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Dr. Sabrina Clark is the director of VA’s Office of Voluntary Services, which facilitates the ability to volunteer for activities on behalf of Veterans, caregivers, and families.
VA official encourages minorities to make educated decisions about participating in COVID-19 trials
January 7, 2021
By Mike Richman
VA Research Communications
"My first message to anyone interested in a vaccine trial is to gather information and avoid immediately saying no."
Joining VA’s COVID-19 research volunteer list does not commit someone to sign up for a vaccine or treatment trial if he or she is selected. That distinction is very important to Dr. Sabrina Clark, who distinguishes her willingness to be part of the volunteer list from her willingness to volunteer for a study.
At the same time, Clark encourages all African Americans and other minorities to stay informed about developments related to COVID-19 vaccines and treatments.
“I am advocating for minorities, specifically African Americans, to stay engaged in the discussion,” she says, “and that we gather the best of all available information to make the best decision we can for ourselves, our families, and our communities. But I cannot support minorities volunteering for clinical trials without VA or the researchers having a level of understanding of why I would be reluctant to in the first place. I think there’s a fear about mentioning past issues like Tuskegee and Henrietta Lacks. But ignoring those events will undermine the efforts of this program. Ignoring current-day events will also undermine these efforts.”
Government-run study included unethical experiments on Black men
In the Tuskegee Syphilis Study, which began in 1932, U.S. government health workers were found to have carried out unethical and harmful experiments on 600 Black men who were tested for a treatment to syphilis. In 1951, Henrietta Lacks, an African American woman, was treated at The Johns Hopkins Hospital in Baltimore for an aggressive case of cervical cancer. Scientists shared samples of her cancerous tissue with other researchers without her knowledge or consent. Companies later used the tissue for key advancements in biological research without passing any money back to Lack’s family.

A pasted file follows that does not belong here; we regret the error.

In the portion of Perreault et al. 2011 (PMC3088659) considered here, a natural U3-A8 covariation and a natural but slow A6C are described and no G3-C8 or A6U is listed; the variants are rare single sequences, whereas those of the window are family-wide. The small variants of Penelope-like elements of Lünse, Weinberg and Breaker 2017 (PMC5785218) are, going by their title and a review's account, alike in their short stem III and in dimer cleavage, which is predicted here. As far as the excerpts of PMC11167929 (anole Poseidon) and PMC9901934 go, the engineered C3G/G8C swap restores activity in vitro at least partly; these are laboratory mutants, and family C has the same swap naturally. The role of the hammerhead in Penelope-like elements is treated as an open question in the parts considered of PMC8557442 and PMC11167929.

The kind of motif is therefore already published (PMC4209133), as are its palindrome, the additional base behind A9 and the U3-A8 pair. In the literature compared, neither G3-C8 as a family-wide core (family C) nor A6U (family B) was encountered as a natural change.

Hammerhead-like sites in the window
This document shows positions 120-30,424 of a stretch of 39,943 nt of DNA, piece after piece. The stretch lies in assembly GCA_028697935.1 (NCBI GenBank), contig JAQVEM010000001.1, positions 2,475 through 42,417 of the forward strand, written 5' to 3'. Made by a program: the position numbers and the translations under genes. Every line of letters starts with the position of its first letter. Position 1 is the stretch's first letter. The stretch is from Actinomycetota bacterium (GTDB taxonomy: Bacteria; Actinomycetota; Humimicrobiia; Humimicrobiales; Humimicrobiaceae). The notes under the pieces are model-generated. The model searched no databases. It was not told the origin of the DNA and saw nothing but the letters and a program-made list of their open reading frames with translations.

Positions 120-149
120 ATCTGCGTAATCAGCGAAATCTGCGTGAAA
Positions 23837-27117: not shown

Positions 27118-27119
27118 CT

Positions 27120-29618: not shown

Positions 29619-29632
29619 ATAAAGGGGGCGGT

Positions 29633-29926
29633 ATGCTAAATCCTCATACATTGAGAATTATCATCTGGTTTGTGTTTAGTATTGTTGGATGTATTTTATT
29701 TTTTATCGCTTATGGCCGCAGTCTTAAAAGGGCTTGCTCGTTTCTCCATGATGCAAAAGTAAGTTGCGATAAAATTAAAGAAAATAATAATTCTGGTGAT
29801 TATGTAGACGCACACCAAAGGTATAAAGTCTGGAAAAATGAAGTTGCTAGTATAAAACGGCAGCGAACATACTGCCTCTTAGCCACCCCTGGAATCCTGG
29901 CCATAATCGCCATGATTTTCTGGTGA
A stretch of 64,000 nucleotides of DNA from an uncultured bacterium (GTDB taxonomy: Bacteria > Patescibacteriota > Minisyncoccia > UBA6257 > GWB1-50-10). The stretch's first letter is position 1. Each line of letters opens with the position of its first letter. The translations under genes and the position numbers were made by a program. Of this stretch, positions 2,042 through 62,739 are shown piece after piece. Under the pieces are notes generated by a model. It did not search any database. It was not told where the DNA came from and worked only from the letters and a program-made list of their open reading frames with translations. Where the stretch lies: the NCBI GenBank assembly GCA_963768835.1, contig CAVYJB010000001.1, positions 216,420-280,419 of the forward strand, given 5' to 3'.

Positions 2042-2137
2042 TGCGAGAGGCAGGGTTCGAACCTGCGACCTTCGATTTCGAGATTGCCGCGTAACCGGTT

Clark, who is not a Veteran and has not volunteered for any vaccine trials in the past, is the director of VA’s Office of Voluntary Services. The office facilitates the ability to volunteer for activities on behalf of Veterans, caregivers, and families. It’s one of the largest centralized volunteer programs in the federal government.
Clark has a doctorate in positive neuropsychology, a branch of psychology that focuses on character strengths and behaviors that allow people to build a life of meaning and purpose. She’s an active member of the diversity and inclusion subcommittee of the National Research Advisory Council (NRAC), which was created in 1999 to provide external review of VA’s research mission. NRAC advises the VA secretary on research sponsored or conducted by the agency, including policies and programs of VA’s Office of Research and Development (ORD), and makes recommendations to ORD.
'Ensure that your questions are answered’
“My first message to anyone interested in a vaccine trial is to gather information and avoid immediately saying no,” Clark says. “Ensure that your questions are answered and that you feel like you have the education and the knowledge to participate. This is such a critical time in our history. For people who look like me, this is not an easy decision to make. It’s important that the researchers understand that we are not all alike. Everyone doesn’t come to this process from the same perspective.”
“However,” she adds, “I believe that participating in the research is the beginning of bringing everything together. There's an importance here in that the research, like all research, is about gathering information. To the extent that we're getting the right information from the right people, and we're doing the right things with it and putting it in a context that allows good things to happen with a vaccine that allows us to feel safe in our communities again. That’s absolutely a good thing.”
How to sign up: Anyone over the age of 18 can volunteer to participate in VA research by signing up for the COVID-19 research volunteer list. If you are eligible to participate in a study, you will be contacted by a study coordinator who will answer your questions and help you decide if you wish to participate.